Songwriting master craftsman’s delivers 24th, and career defining album.
Seattle based singer songwriter Jim Page has been recording albums now for close on fifty years, and in that time has had songs covered by such as The Doobie Brothers, Dick Gaughan and Christy Moore, and shared the stage with Bonnie Raitt, Joan Baez, and Leftover Salmon. Seen by some as a modern day successor to Woody Guthrie and Earl Robinson, his early albums were typical of the folk singing movement of the early seventies, influenced by Dylan, but had a sound and feel that lay closer to the likes of John Prine and Steve Goodman.
Three years on from his last album, 2019’s, ‘Pretty Simple’, Page is back with what could well be his best album yet, certainly his most ambitious. Recorded at Studio Litho and engineered by Floyd Reitsma, previous works include, Chris Cornell, Pearl Jam, and Dave Matthews, who manages to give each track a broad musical soundscape, wonderfully supported by some of Seattle’s finest musicians.
The album opens with, ‘Ain’t That Something’, where Page sings about the hard earned legacy’s of Blind Lemon Jefferson and Billie Holiday and how that can’t be measured or compared against todays celebrity world of the, famous for being famous. Page’s vocals are warm and relaxed with the wisdom of his years and a way with words that enable him to take that which, in lesser hands would be no more than a throw away line, and chisel and sculpt so that every syllable has worth and purpose. All this is supported by a wonderful rhythm section of Joel Litwin on drums and Dune Butler on bass helping to gently drive the track along, while Orville Johnson delivers some sublime jazz lines from his guitar and J.R. Rhodes adds the most delicious backing vocals.
Through out the years Page has never been frightened to challenge what he perceives to be political injustices with his songs, but to define him purely as a, ‘political folk singer’, would be grossly wide of the mark, as his palette and his brush strokes are too varied and articulate. He is much more a social commentator, who writes and sings about the world around him and the stories that he uncovers. Track two from the album, ‘Angeline’, recalls one of those stories about Chief Seattle’s daughter, Kikisoblu, who refused to leave her home when all her kinfolk were told to get out of the way of progress. Later on the album, Page revisits an old song, ‘Amadou Diallo’, a song of a young West African man who was shot no less than nineteen times by the police while reaching for his wallet. The new melody and bridge helps to replaces some of the original anger with a celebration of life, enhanced by some gorgeous saxophone playing by Jessica Lurie.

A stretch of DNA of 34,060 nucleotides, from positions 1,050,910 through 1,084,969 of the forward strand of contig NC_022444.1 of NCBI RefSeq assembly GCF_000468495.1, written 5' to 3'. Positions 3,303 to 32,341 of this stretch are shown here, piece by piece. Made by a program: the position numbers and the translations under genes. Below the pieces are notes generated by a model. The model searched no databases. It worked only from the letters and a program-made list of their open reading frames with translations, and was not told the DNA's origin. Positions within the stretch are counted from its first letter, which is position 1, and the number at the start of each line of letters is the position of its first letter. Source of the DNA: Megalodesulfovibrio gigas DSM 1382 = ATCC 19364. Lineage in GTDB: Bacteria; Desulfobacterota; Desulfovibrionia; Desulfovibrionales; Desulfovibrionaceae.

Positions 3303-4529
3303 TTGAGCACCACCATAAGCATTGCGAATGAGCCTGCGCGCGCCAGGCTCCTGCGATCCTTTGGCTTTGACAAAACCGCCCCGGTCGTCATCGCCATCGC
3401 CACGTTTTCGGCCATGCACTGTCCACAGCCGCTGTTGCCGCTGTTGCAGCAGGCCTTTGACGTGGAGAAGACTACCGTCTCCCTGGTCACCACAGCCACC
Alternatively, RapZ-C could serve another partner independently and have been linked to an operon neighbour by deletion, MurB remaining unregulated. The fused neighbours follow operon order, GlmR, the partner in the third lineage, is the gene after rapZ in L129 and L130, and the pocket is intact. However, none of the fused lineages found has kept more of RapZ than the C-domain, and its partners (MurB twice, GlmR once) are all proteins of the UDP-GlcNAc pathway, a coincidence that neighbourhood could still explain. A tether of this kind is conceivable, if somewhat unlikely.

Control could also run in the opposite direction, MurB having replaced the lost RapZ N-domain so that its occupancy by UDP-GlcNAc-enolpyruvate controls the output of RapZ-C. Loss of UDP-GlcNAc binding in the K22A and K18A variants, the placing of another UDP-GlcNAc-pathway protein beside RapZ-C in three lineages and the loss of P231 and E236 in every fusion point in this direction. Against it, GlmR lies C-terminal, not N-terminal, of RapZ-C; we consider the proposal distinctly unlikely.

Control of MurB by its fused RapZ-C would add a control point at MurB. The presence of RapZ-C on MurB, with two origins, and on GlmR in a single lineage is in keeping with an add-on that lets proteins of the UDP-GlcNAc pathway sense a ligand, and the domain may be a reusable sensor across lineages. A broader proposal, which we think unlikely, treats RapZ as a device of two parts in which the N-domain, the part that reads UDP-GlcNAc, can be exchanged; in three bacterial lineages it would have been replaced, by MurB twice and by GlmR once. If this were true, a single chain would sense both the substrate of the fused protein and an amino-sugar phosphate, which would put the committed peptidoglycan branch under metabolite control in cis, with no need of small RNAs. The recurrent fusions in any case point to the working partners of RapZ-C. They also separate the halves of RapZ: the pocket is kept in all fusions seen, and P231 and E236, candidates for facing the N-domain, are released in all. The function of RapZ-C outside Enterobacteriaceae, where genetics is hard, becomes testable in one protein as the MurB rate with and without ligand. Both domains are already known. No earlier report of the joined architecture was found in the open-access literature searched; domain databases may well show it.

The impending climate crisis and the impact it is likely to have on the next generation is the subject matter in, ‘Down To Zero’, a song recently covered by Christy Moore, but retitled as, ‘Clock Winds Down’. Moore is of course no stranger to Page’s music, having first recorded his work whilst still with Moving Hearts and was once quoted as saying, “Jim Page carries the light”. This is followed by the heart wrenchingly beautiful, ‘Only Heat I Have’, where Page’s gentle narrative recounts a story that has its origins in the small Irish town of Bray. With a simple chord progression strummed on the guitar and Rhodes perfect vocal accompaniment, this is story telling through song of the highest order, using only the barest amount of lyrical and musical content to get to the very essence of the track, almost guaranteed to leave the listener with a lump in their throat and a tear in their eye.
Track seven ‘Amazon’, finds Page challenging Jeff Bezoz over the right to that name while the region, the forest and its people struggle for their very existence, and grotesque wealth and success have become weapons of war. Once again Lurie supplies a wonderful saxophone accompaniment. Page continues his social observations with ‘Pulling The Statues Down’, with reference to the action taken by demonstrators not only in his homeland, but also here in Bristol, and suggesting, “if the old statues come down why not put new ones up”.
Page returns to the plight of the planet on the title track, where he sings, “you got eyes to see, you got ears to hear, and you know very well what’s been happening hear”. However this is no chest thumping, anthemic clarion call, this is much more subtle and much more persuasive, where the whisper is louder than the scream, and the chorus repeats, “now is the time, the time is now”, with Rhodes exquisite voice joining Page, creating a mellow soulfulness, not dissimilar to Norah Jones.
Page has not reinvented the wheel here, not at seventy three. However, what he has done is hone all his experience and skills garnered over the last fifty years to create his very own masterpiece. An album that captures the true art and craft of the singer songwriter in all its glory. If Jim Page is a name you’ve yet to discover then surely, ‘The Time Is Now’.